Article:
“The students who participated in the project were generous and exuberant collaborators and contributed to this snapshot of a profound moment of cultural and economic upheaval and for that I am deeply grateful. I hope that when you look at this piece, whatever the platform where you may view it, the students who made it will help you to remember that movement is possible in every moment.” — Chris Doyle
Commissioned by CAP UCLA to commemorate the UCLA Centennial in collaboration with the Student Committee for the Arts, Memento Vivere is a project that reimagines the form a contemporary public artwork might take in a contemporary world. In December of 2019, 60 UCLA students participated in an improvisational video shoot on the campus. All were asked to perform a physical gesture that was related to their own relationship to time. These short videos are assembled as the minute hand on a digital clock, positioning these sixty students as literal time keepers of the future.
The clock was originally conceived as a large-scale projection for Royce Hall to be on display throughout the graduation ceremonies of 2020. As the project evolved, the world changed with the onset of the Covid-19 pandemic. In the words of the artist Chris Doyle, “At that point, whatever our own personal sense of time might have been, we all have had to acknowledge that it, along with everything else in our world, has changed radically. The clock was adapted to become a living memento.”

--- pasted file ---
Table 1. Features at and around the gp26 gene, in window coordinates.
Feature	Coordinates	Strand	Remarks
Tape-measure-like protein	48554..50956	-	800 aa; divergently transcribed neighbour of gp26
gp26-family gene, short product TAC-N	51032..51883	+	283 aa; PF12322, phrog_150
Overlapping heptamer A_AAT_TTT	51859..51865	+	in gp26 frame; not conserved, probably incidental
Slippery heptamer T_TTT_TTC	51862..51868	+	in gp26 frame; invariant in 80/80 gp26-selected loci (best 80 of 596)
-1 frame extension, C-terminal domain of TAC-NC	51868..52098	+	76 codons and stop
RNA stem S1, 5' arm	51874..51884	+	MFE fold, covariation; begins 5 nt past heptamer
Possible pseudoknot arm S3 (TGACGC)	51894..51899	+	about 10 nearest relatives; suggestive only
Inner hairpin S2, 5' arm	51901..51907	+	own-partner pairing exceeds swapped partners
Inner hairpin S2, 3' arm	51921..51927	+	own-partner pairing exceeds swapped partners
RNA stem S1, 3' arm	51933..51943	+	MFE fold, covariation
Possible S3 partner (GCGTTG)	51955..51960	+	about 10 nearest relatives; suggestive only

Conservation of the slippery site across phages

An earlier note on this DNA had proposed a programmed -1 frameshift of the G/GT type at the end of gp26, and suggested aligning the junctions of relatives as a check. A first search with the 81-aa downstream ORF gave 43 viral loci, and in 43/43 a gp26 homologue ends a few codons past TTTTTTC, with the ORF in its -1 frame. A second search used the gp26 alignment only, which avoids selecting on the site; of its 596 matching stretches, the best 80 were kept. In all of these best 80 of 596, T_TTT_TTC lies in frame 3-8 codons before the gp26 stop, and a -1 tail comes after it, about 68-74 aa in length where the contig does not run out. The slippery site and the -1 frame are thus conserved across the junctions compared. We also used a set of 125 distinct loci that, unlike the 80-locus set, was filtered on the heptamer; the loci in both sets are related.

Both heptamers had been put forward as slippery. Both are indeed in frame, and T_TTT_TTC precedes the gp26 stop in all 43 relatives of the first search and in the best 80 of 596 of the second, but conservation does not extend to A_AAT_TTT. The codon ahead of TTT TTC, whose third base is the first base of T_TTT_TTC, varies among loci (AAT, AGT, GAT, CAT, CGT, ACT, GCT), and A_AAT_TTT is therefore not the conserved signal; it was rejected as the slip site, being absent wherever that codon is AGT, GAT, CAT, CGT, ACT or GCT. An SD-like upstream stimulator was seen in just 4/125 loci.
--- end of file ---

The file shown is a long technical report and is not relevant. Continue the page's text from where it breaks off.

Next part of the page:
Memento Vivere can be downloaded for free where it keeps time in a digital world. Click here.
The hour-long video loop can be viewed in its entirety at CAP UCLA’s YouTube channel here.
Memento Vivere was developed as part of a class in the UCLA Department of Design Media Arts with Jade Box, Stephen Heo, Kai Watanabe and Tina Wen. Special thanks to Casey Reas. Photography by Matthew Miller